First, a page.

Monday, April 18, 2011

To reread or not to reread

Stories have a way of evolving from conception to draft to completion. I know when I began writing my latest release, I had only a vague idea into what it might become, and even then I had no idea I would want turn it into a series.

Most of my closest friends in the biz have divulged the following: they don’t like rereading their work. Understandable, really. It’s no secret that you will be the harshest critic of your writing—God knows I am. Regardless of how proud you are of a manuscript, rereading it, especially after it’s Out There and bullet-proof to corrections, clarifications, or changes, can be painful. It’s especially painful for someone who not only catches an oopsie, but recognizes something that simply doesn’t mesh with what the subsequent books, or even chapters of the same book, discuss.

I encourage all authors, regardless of whether or not you’re drafting a series, to reread your own material as much as possible. In my case, it makes me a glutton for punishment, but I can often pinpoint mechanics in my work that missed the mark, or remind myself of something I need to carry with me to the next project. If you’re working on a series, it’s incredibly important to refresh yourself on the little details you might otherwise be prone to neglect or forget. Not only is it good for you from a writing standpoint, it means you’re doing your research and being fair to your readers.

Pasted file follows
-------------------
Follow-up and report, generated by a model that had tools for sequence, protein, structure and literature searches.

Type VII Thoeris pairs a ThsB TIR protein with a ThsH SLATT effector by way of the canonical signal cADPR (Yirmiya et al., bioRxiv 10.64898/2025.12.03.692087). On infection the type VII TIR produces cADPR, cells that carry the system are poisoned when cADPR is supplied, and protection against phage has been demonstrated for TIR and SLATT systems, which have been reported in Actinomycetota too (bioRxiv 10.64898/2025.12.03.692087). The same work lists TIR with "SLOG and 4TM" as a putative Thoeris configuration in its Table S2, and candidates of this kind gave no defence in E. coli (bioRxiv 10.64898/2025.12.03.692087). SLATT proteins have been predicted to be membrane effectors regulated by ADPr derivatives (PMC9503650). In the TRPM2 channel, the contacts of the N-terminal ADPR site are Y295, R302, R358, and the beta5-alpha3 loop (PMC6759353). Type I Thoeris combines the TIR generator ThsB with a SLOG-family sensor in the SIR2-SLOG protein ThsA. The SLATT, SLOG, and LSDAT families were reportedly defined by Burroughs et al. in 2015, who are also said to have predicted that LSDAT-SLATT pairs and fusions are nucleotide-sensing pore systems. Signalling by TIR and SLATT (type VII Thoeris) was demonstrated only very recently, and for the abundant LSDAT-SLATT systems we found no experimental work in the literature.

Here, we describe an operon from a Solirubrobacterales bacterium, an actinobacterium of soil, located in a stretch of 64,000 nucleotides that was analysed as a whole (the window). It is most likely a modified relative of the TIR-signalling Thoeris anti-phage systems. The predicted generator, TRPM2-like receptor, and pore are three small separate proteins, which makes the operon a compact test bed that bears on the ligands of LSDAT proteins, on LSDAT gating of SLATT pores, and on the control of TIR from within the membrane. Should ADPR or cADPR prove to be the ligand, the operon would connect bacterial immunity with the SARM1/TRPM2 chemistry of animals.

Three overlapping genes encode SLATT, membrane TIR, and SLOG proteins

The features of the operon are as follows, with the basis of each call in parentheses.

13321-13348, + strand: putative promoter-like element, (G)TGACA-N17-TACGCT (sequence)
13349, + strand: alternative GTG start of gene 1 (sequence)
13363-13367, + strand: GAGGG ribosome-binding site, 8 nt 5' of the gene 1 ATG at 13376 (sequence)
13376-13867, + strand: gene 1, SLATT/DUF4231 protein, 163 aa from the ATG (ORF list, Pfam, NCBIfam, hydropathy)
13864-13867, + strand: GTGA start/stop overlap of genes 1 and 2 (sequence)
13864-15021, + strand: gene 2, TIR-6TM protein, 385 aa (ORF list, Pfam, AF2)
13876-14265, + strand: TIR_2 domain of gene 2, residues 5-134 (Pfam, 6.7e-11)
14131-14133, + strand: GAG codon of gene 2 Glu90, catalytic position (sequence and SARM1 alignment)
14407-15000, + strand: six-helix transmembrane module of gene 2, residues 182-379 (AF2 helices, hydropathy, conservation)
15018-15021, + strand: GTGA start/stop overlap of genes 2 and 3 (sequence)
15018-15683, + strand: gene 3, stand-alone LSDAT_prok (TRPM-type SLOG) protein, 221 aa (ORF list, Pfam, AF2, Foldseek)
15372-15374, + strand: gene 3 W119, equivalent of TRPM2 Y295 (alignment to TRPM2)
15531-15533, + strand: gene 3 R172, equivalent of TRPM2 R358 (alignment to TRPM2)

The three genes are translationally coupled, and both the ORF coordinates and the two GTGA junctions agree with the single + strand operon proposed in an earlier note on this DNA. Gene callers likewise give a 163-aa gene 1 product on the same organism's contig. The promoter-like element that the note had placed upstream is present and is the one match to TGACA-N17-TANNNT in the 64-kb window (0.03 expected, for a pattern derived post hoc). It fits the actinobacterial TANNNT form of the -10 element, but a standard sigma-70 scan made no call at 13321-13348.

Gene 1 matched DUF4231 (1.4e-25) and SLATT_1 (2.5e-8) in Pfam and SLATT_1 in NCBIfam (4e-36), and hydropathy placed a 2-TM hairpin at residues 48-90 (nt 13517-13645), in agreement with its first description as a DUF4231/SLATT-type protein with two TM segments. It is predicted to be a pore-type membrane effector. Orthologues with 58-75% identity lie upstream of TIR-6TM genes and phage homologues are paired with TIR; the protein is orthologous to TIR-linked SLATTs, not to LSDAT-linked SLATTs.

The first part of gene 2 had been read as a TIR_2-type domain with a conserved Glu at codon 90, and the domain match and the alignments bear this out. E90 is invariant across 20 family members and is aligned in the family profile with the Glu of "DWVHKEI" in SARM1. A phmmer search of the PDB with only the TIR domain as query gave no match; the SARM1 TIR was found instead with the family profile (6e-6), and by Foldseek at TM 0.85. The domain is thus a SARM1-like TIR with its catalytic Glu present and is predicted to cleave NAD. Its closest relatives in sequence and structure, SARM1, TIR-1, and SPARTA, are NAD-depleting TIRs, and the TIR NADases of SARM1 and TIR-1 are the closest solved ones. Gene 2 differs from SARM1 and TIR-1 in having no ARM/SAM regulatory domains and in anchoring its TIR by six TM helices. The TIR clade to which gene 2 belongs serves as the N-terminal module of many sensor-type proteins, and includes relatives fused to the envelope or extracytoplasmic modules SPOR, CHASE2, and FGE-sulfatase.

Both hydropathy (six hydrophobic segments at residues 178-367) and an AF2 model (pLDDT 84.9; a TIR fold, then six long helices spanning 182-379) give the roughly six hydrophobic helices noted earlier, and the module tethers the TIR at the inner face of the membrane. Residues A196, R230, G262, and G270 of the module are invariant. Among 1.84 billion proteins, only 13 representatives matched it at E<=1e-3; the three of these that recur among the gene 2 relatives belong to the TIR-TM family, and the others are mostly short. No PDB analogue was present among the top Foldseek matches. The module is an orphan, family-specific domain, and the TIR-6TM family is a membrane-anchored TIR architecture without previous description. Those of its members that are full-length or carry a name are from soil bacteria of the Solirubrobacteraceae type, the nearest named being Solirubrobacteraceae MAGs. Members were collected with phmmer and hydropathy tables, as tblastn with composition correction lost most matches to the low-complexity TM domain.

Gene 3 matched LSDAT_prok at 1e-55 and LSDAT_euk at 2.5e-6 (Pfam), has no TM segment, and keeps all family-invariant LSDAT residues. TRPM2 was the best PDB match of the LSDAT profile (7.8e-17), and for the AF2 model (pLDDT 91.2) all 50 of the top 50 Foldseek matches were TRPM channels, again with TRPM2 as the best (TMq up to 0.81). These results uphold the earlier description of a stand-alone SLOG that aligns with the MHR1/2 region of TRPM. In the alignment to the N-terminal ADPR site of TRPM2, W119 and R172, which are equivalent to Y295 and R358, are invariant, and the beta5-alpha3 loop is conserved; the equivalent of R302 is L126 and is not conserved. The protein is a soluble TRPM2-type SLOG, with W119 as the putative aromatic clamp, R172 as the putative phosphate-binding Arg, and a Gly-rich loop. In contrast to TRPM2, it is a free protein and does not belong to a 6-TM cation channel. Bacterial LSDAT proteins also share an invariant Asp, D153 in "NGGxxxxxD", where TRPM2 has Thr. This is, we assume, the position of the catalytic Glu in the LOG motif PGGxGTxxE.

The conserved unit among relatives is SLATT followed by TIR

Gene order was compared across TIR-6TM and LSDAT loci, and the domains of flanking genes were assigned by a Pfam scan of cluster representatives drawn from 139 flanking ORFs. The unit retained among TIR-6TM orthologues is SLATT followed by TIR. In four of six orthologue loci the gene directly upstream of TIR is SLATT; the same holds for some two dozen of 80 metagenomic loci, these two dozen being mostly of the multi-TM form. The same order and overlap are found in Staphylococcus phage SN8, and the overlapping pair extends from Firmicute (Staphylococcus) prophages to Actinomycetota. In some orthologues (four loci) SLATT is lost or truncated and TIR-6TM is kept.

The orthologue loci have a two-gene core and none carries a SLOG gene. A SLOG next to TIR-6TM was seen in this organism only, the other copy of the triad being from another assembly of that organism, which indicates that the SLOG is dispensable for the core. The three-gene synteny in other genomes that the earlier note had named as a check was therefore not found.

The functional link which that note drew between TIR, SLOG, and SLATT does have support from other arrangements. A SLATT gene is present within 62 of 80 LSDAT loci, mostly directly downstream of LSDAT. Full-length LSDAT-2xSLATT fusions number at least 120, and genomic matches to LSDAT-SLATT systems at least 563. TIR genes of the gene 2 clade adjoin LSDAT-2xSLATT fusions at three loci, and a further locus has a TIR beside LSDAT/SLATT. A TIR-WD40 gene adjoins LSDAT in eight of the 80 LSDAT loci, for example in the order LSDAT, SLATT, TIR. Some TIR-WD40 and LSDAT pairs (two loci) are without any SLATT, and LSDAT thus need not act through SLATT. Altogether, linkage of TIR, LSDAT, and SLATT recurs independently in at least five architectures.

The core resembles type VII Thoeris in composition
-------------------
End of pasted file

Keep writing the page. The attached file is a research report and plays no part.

Sharon S. said...

Angie Fox (Accedental Demon Slayer series) went back and re wrote her the first book in her series (she was changing publishers so had the opportunity). Since she wrote that first one so long ago and didn't understand the her world as much as she did now. She wanted to make it better and released it as an ebook .

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